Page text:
9. If you don’t mind the author weighing in, I have three observations.

    First, it’s a bit much to condemn, or at least criticize, a book, based on a review, without having read it yourself. Had you done so, you might have found that Eagleton’s contention I didn’t pay much attention to Marx’s ideas (I’ll leave aside the issue of whether my discussion of them is “clumsy,” as Eagleton states–not an impression of other reviewers) is problematic. The book contains a lengthy discussion of the Paris manuscripts, Marx’s theories of revolution, the influence of Hegel, the Young Hegelians, David Ricardo and Charles Darwin on Marx’s formulations. All that is without considering the chapter on Marx’s social theory (entitled “The Theorist”) and the one on Marx’s economic theories, esp. in Das Kapital (“The Economist”).

    Second, as to being a historicist, I have no problems with that label. In fact, I’m a student of a student of a student of Friedrich Meinecke. Historicism helps us to understand the present by delineating its differences with the past. That’s a major point of the biography, showing the differences between the world in which Marx formulated his ideas and our contemporary condition. Ironically, Eagleton, in his Harper’s essay, argues that one of the two major intellectual innovations of Marx was to assert the differences between a capitalist society and past historical eras. He explains that Marx’s ideas teach us not to imagine that the Incas were speculating in futures, since they lived in a society based on different modes of production. That’s fine, but that’s also historicism.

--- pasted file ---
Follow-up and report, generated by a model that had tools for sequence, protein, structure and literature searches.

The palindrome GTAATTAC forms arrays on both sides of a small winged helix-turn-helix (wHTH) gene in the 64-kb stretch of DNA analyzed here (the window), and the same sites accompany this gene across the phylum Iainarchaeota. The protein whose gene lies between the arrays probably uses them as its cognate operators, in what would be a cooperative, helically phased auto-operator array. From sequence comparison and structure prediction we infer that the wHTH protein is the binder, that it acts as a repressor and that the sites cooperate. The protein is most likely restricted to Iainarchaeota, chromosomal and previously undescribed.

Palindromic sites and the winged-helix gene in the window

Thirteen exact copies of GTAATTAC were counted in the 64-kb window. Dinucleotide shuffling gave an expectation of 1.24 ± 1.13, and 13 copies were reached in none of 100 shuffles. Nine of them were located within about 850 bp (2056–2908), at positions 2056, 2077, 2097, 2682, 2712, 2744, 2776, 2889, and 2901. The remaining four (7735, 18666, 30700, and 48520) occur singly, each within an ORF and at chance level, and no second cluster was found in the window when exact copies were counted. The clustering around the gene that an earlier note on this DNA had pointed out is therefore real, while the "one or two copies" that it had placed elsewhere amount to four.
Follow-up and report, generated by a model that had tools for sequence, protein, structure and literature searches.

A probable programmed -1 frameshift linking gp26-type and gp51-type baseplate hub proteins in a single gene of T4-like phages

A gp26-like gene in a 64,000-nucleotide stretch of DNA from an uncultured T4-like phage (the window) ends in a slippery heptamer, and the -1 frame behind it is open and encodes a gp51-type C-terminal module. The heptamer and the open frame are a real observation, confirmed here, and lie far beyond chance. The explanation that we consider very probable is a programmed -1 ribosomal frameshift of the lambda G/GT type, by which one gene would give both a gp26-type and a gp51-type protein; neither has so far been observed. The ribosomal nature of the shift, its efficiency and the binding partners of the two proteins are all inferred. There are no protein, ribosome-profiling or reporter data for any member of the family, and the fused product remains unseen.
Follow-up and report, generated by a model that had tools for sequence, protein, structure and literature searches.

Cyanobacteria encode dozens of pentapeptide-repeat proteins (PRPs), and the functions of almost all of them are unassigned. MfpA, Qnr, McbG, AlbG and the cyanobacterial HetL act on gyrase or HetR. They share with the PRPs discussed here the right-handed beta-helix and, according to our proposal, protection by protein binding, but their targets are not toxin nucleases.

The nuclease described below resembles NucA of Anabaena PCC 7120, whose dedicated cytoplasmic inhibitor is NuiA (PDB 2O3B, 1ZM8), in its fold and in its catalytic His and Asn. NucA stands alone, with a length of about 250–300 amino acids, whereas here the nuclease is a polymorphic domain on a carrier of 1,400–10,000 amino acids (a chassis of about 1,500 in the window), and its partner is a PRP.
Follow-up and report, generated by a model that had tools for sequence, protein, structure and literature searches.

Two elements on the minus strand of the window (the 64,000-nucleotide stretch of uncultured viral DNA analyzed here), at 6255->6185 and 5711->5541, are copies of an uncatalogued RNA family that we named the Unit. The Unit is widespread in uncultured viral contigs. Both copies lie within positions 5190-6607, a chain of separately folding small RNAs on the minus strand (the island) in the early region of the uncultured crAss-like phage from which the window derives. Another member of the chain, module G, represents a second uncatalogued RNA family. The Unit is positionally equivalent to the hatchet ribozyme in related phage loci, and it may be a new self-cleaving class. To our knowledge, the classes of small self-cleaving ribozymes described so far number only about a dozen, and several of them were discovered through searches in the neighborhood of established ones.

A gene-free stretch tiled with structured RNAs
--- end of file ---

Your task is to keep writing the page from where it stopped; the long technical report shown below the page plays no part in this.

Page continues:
Finally, there is a political point, here–the issue of the world after 1989-91, and the end of purportedly Marxist regimes. People who take a critical attitude toward the unregulated global capitalism developing since then, and the results of this development that we have seen since 2008 (I’m one of them) have to consider whether the best way to understand these developments and to propose alternatives is to resurrect past Marxist ideas and to look favorably in retrospect at the regimes of the former Eastern Bloc, or to find newer ways to think about problems of capitalist market economies and to remember the problematic results of twentieth century anti-capitalist regimes. In this respect, I think that Eagleton and I have rather different opinions.